If only you could live with in a home of alcoholism and things would be simple. The chaos living with a drinker can be too much for many families. If you haven’t watched my short video on Chaos you can do that by clicking here.
The unpredictability, drama and incidents that happen become all too frequent for some and it’s hard to know what to do. How to be, feel, react and even exist.
What is chaos?
Complete disorder and confusion
How does chaos look and feel?
When you experience the chaos living with a drinker, you get really good at expecting it. I’m not sure we get good at dealing with it, that can take time and effort.
Chaos can be in the physical environment, or emotionally. When I was living with my Dad’s alcohol misuse, as a child it felt very confusing. There was a lot of up and down’s, unknowns and he’d change his mind from one moment to the next.
I couldn’t trust him to do what he said, he would promise something, then just not do it because he didn’t feel like it. As a child that didn’t make any sense to me, so then I start going inwards and blaming myself. What had I done?
Some drinkers can be very chaotic, they can be in the home, then not. Awake, then asleep. Talkative then isolate themselves. They say they’ll change then don’t and go back and forth with that over and over.
For some families the drinkers are involved in crime in some way, maybe promiscuous behaviour, taking more risks that usual, inviting people into the house that the rest of the family feel uncomfortable around. This can go on and on for years.
It’s not always major events and actions that cause the chaos, for me it’s the constant changes, the constant unpredictability and disorder in the home.
Emotionally it’s a roller coaster, you may feel connected for a moment in time, then the next minute the worse person on the planet. They may love you one minute then hate you the next. Praise you then criticise you and all of this is slowly chipping away at your self-esteem and confidence.
How the chaos impacts you
Everyone will interpret the chaos in the own homes differently. What feels chaotic to one person may not to another. What I would also say at this point is, that if you’re around chaos and anything for that matter for a long time and frequently enough, it’s normal to you.
You may not realise at times you’re in a chaotic situation, you can also sub-consciously attract chaos into your life because it’s familiar and normal. When you have awareness around your life and learn even more about yourself, you’ll start to identify it and how it shows up in your life.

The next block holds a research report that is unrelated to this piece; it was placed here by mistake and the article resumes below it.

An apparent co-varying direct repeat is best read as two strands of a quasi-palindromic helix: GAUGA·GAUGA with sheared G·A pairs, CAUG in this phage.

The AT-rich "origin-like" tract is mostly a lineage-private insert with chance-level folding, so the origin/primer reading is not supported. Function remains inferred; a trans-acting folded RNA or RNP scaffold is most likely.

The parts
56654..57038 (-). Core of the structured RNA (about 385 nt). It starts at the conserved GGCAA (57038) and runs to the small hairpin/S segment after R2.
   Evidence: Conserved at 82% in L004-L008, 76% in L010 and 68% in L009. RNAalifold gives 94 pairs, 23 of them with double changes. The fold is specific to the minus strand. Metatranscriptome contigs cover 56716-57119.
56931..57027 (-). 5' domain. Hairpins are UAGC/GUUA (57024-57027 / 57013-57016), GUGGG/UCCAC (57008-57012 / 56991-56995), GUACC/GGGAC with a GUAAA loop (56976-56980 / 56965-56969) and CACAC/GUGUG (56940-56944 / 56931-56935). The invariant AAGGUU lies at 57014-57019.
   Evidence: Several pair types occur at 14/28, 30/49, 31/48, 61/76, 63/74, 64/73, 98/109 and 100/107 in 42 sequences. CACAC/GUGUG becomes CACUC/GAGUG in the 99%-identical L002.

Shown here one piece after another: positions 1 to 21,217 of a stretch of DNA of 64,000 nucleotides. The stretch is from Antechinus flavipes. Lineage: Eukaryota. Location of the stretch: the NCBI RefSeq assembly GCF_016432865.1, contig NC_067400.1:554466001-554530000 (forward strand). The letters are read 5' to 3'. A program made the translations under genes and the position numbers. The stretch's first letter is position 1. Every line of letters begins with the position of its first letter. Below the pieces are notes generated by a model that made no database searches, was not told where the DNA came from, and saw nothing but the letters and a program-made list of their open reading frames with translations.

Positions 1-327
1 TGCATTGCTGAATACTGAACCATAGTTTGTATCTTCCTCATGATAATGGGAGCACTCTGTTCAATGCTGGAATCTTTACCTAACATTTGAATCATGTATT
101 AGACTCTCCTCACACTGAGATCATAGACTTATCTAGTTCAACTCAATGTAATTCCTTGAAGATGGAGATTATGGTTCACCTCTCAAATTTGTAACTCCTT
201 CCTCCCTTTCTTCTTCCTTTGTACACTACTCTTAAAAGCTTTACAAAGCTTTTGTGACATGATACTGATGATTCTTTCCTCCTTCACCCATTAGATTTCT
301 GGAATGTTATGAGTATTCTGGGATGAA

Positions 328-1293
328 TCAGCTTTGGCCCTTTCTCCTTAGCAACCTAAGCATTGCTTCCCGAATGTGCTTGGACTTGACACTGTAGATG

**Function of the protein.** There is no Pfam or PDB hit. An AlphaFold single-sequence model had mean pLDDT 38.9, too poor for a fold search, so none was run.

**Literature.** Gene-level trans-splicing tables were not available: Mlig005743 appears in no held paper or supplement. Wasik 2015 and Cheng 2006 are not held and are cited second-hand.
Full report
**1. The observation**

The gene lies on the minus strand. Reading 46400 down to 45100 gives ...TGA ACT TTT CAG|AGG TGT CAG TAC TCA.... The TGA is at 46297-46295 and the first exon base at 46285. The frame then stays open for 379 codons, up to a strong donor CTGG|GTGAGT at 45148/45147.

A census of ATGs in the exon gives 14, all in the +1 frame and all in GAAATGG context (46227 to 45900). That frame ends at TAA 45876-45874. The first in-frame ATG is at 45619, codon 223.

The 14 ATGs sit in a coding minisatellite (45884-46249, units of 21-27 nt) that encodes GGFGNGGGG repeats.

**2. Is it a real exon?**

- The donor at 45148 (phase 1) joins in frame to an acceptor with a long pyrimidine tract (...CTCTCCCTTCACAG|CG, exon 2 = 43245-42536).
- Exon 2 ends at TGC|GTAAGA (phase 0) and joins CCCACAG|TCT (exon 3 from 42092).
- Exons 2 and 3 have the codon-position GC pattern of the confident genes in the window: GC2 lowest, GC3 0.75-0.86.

If you’ve lived in a fairly chaotic environment as a child then you may well attract that as an adult. Whether that’s chaotic relationships with partners, friends or just living a chaotic life with lots of disorder and confusion.
Maybe you always feel like you move from one issue to another, struggle to cope when things do come up or feel life’s falling apart when something happens.
Help to identify the chaos in your life
Whether you live with a drinker now or not, the impact is long lasting in a lot of cases. For many years I attracted it in my life. Dramas with friends and partners, arguments, complicating the simple things, struggling to make decisions and making a mountain out of a molehill.
When I realised that I was living a life that was complicated all the time, and my part in it I started to work on simplifying it. I developed more self-esteem and realised it wasn’t my job to rescue everyone. I learnt to say no with boundaries and understand more about myself.
Once I started to do that, I noticed changes. I actually wanted to avoid drama and attract calm. I crave calm now and can’t stand being in situations which are over the top and drama centred.
Here are some thoughts for you:
- What areas of your life do you feel could be simpler?
- Do you find yourself making something more complicated than it needs to be, but justify your need to complicate it?
- Are you over committing and then struggling to keep up?
- How often do you say yes to things when you could say no?
- Look at your decision making, are you choosing the drama?
Remember you aren’t alone and you can always join my Change Your Mind Facebook group, where other families of alcoholics support each other with challenges they experience from the past or present. You may have lived with an alcoholic in your past, but it’s still impacting you in the present.